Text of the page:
• Pam Penney, our Events Advisor, who’s providing lots of advice and experience when it comes to planning big birthday style events.

As far as planning goes, we’d really like to know your ideas for a theme for the grand opening. If you’re going to be 14-25 next year, please take the couple of minutes to complete our survey. The more responses we get, the more likely we are to have a theme you’ll enjoy. Just click the image below and you’ll be taken to our Survey Monkey survey.Take the Survey

If you’d like to keep updated with what’s happening in the run up to and the course of next year, please ‘favourite’, ‘like’ and ‘follow’ the following places:

Facebook page (Senior section Spectacular- Wiltshire north)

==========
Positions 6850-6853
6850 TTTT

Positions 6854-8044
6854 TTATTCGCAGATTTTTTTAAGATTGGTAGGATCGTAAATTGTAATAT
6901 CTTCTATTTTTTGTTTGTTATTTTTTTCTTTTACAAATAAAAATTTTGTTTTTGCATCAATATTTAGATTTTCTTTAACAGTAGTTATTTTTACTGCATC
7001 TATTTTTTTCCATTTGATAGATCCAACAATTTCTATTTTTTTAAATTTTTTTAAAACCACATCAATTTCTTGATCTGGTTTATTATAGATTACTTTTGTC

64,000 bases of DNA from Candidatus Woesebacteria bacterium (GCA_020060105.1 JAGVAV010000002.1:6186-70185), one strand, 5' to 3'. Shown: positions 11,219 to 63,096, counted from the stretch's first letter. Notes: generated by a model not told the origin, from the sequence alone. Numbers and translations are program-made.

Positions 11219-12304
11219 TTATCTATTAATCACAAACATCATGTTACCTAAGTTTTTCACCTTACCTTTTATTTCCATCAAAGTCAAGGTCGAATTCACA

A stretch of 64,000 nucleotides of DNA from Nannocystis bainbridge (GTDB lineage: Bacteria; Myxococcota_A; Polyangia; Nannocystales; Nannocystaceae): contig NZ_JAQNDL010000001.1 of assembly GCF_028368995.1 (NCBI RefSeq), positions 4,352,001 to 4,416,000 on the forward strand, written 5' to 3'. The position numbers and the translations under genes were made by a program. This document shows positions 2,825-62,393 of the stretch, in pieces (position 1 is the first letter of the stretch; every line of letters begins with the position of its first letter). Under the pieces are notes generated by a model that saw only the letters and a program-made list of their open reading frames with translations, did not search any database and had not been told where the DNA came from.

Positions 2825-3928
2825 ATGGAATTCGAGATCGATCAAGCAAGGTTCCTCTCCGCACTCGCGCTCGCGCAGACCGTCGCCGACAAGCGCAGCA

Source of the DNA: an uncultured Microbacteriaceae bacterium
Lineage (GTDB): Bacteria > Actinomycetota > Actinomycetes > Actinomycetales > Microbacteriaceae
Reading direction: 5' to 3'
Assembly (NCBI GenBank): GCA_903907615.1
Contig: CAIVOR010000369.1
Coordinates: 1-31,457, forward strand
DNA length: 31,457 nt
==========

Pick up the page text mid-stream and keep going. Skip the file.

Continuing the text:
Twitter (@SeniorSectionWN)
Blog (wnspectacular.wordpress.com) 

Concerning the blog, there is a button on the right hand side that will allow you to sign up for email updates, so you don’t even have to have a WordPress/Facebook/Twitter account to follow us!
Updates will also be going out via Go! and we’d ask that Guide Leaders with girls who will be 14 by next year make sure they get to see everything too. We want everyone to be as excited as we are that this is happening!

For more information, or to get involved, please contact seniorsection@wncounty.org.uk

Fringe Benefits: Kids say the funniest things

Recently (okay 2 years ago, but time really does fly when you’re having fun) I took over the running of our village Rainbow unit and it has given my guiding a new lease of life. Amongst the unexpected rewards are the delightful things that the girls say, which make it all worthwhile. We even have an occasional feature on our unit site called “Quote of the week” to capture and share the joy. Here are a few of my favourites: